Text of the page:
The Miami Riverfront is an urban area in Downtown Miami. It’s situated on the north bank of the Miami River and serves as a centralized business district. The complex comprises three primary skyscrapers: The Ivy, the Mint and the Wind. There was supposed to be fourth and final phase to development to begin in 2006, but that never transpired due to economic circumstances. Now, more than a decade later, the city of Miami is seeking to build up the area and revitalize what currently exists through a multimillion-dollar riverfront revitalization deal.
Not Set in Stone Yet
Although the proposal is far along and has even overcome some concerns over conflicts of interest, nothing is set in stone yet. Commissioners still have to come to an agreement, and they need to do that before it can put on a ballot for November. The special counsel still has to select an attorney the commissioners will have to accept, and there remains some renegotiating over a deal that favors the builder more than it does the city.
The Land Swap
The core of the deal is sound, and the intent is to allow both the city and the builder to benefit. Miami would get the new, larger administrative building and parking garage that it desperately needs. The city would also get to remain in the current building until 2020 when the new construction is completed. Adler Group, the property developer, would also pay the city $335 million over a 90-year period, which amounts to a present-day value of about $70 million. The Adler Group would then use the leased property to build a mixed-use area called the Nexus Riverside Central.
Ensuring a Fair Deal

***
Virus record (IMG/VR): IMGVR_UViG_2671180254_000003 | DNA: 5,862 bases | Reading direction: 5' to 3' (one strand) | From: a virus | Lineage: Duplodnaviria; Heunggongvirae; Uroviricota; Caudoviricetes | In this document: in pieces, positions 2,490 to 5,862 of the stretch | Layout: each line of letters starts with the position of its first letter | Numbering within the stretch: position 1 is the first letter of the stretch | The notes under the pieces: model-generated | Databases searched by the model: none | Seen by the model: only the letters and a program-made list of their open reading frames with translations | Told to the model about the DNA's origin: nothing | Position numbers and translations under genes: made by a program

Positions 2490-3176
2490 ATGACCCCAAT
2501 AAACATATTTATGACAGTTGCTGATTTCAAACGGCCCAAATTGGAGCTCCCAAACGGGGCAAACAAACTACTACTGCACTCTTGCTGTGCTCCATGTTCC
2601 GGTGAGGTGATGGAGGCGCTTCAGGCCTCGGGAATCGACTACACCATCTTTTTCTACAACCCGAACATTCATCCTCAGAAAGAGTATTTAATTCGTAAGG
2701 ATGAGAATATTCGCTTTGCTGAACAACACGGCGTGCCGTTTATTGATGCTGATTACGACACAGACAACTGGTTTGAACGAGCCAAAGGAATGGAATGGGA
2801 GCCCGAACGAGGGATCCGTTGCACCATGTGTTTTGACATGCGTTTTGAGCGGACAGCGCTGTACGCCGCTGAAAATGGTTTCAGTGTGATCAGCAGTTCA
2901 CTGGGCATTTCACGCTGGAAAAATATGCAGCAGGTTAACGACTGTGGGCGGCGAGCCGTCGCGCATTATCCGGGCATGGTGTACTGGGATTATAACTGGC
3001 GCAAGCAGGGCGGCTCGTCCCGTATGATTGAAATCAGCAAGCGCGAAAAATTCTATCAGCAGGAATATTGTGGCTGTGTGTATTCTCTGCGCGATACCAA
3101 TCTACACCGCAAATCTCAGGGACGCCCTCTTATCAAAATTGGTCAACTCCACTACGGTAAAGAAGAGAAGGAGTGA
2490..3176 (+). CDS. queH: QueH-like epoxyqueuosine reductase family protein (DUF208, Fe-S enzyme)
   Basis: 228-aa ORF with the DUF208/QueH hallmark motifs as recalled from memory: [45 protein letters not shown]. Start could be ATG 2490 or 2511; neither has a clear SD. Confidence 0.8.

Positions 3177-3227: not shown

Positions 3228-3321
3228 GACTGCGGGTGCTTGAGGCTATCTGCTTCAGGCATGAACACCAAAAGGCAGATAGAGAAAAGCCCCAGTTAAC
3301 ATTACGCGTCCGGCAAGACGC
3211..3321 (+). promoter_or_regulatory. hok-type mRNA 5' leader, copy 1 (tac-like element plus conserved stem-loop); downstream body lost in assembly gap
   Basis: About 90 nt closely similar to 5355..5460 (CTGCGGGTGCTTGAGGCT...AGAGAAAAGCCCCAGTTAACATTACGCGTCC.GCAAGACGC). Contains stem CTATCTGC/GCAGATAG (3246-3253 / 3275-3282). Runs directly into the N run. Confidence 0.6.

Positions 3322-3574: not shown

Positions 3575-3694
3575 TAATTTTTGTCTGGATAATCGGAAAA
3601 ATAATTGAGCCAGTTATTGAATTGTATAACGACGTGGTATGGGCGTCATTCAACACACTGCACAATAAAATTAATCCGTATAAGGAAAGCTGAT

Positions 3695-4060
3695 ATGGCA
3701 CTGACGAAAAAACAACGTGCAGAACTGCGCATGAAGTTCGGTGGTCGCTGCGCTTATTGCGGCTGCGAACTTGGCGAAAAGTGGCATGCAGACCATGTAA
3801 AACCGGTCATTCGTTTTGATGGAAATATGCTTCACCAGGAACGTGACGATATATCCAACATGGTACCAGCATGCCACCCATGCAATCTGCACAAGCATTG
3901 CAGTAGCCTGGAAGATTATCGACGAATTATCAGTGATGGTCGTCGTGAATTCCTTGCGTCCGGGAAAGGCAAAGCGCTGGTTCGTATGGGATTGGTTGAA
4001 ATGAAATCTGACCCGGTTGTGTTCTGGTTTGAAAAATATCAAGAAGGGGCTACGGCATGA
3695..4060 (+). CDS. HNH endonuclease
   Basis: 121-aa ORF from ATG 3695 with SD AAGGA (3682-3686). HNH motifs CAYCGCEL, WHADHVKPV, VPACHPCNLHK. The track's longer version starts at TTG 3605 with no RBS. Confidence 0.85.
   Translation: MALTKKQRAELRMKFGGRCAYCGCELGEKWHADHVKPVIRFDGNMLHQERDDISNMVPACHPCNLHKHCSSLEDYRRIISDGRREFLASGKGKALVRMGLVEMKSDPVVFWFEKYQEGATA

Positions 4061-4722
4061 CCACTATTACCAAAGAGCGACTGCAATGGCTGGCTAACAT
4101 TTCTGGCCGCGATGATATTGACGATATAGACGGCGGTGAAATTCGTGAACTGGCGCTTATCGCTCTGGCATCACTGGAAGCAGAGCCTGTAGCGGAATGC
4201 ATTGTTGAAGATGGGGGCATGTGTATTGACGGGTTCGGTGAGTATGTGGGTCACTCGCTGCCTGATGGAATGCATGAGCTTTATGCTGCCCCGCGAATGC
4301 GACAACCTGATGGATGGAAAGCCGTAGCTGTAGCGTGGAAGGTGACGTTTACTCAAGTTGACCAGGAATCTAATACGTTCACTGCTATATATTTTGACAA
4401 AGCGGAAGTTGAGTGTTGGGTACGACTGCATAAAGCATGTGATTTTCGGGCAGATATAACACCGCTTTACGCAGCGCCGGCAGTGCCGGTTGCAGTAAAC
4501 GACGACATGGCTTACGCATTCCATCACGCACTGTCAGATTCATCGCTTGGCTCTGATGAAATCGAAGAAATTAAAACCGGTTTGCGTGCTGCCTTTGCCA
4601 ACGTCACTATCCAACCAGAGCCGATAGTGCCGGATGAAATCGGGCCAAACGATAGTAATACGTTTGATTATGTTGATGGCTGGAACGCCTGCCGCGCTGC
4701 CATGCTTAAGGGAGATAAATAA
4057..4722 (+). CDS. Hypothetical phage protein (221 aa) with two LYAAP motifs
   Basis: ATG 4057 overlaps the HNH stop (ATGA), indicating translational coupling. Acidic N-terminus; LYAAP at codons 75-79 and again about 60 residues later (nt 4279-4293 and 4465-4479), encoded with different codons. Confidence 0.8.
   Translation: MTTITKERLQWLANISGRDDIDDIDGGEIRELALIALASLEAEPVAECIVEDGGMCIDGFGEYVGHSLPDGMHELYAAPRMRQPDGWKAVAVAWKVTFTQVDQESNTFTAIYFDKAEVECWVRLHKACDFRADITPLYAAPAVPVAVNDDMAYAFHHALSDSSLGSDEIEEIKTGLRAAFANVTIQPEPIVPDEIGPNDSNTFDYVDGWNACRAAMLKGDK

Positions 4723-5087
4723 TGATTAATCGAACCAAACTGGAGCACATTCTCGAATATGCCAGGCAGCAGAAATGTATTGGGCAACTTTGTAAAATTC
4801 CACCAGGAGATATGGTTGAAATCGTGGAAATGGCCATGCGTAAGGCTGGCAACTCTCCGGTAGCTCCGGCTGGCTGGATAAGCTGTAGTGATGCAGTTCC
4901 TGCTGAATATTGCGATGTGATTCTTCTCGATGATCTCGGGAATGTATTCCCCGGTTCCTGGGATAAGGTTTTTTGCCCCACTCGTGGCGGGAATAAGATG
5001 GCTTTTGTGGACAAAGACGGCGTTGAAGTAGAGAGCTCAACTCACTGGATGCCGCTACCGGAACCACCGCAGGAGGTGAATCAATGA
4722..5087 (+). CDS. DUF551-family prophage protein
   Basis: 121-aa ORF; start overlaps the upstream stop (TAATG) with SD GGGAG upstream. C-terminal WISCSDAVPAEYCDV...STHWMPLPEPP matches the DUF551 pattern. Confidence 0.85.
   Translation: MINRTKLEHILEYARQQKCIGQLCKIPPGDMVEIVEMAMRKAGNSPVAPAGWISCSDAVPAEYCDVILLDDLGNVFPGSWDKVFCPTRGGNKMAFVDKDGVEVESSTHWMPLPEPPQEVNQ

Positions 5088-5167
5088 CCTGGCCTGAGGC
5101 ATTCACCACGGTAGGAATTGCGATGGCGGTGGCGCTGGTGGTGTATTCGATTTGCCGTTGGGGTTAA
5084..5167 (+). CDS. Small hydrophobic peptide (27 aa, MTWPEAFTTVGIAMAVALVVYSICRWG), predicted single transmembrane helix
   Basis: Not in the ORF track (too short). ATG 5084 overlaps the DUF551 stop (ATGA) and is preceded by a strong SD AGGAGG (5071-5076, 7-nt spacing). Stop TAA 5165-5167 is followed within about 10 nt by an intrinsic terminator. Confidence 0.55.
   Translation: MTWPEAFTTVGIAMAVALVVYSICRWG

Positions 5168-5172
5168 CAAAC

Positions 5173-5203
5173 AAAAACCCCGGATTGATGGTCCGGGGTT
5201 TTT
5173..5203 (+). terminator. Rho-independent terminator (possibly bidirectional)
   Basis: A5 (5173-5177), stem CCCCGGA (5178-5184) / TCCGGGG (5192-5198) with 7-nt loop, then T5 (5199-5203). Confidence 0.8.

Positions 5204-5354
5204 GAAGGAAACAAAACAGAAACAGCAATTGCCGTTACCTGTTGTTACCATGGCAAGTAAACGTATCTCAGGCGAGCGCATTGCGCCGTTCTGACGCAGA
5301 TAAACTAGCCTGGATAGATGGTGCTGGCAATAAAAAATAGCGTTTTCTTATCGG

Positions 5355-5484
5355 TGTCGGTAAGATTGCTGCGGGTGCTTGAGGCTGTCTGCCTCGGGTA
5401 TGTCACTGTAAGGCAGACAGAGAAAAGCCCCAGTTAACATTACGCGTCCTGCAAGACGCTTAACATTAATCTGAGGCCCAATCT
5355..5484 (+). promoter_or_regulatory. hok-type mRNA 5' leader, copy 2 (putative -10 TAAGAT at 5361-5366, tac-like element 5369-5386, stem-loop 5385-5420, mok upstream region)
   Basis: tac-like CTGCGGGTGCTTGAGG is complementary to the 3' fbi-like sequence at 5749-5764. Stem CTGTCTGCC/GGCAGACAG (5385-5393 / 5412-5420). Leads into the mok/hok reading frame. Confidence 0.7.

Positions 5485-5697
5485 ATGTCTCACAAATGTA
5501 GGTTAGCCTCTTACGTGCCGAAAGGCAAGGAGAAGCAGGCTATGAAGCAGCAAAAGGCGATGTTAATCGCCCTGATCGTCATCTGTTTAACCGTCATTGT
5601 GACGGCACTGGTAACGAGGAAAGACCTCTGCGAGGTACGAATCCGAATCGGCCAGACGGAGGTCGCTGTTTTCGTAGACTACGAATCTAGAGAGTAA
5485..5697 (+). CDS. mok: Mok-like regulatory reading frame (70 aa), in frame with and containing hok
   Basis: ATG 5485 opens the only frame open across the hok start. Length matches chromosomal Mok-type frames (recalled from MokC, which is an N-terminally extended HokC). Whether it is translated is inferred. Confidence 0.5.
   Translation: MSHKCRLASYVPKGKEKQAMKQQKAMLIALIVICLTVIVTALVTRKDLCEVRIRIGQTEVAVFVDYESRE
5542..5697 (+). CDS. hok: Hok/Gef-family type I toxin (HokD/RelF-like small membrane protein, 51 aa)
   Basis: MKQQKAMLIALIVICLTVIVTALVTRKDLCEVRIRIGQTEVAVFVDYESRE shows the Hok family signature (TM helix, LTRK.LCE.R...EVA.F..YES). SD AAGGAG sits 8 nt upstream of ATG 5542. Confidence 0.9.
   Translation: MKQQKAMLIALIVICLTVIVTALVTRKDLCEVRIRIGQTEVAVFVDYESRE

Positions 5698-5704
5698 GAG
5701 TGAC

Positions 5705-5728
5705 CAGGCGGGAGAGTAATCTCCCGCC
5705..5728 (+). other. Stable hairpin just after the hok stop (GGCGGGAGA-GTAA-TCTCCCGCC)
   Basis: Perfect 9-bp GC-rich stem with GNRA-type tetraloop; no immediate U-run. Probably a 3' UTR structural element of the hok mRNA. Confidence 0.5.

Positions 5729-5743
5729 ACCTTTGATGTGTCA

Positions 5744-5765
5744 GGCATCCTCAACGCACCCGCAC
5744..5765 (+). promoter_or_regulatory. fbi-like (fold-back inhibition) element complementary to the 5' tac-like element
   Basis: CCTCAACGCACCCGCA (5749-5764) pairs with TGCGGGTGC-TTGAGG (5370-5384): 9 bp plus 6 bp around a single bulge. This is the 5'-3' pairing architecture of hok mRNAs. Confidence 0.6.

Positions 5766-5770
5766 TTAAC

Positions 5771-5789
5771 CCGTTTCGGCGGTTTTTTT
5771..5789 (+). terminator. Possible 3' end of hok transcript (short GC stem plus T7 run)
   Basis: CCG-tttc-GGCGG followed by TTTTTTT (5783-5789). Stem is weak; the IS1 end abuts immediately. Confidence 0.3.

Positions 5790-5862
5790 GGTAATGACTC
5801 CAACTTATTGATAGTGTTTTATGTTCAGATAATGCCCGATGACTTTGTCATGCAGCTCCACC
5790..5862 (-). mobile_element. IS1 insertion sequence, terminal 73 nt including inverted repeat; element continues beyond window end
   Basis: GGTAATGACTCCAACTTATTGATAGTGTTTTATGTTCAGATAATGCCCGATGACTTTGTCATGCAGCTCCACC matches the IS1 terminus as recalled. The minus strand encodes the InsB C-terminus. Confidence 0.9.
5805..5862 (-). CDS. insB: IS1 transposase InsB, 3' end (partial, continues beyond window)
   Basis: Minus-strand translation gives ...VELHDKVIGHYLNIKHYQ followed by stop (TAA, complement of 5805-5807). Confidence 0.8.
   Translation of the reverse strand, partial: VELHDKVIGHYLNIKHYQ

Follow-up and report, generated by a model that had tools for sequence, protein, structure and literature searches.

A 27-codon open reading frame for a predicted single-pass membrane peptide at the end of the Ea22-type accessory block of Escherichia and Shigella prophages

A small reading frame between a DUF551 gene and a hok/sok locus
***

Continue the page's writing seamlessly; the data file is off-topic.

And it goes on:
One problem that persists is that this is supposed to be an equitable deal, and yet, there’s approximately a $50 million gap between what the city would pay for new construction and what the Adler Group would pay to lease the land. People with knowledge of the negotiations are bullish, however, because negotiators were able to cut deeply into the gap in just a day or two. Details remain, but those should be fairly easy to agree upon in the time left.
The riverfront revival has people and businesses in the area excited. In fact, there are already initial agreements in place to add both a major hotel and a new convention center. The Adler Group will expand and enhance the public riverwalk as well as renovate and reopen Fort Dallas Park. There are also many small businesses that stand to benefit and plenty of room for new ones.
A Referendum Looms
It’s important to note that Florida law requires any long-term waterfront lease to be put to voter referendum. If an agreement is reached, it will go on the November ballot and require a majority to pass. At that point, the plan would go into effect almost immediately. When it comes to a referendum, anything can happen, but it is hard to imagine this deal failing based on the current agreement. Taxes would not need to go up, there’d be new public facilities and many businesses would benefit.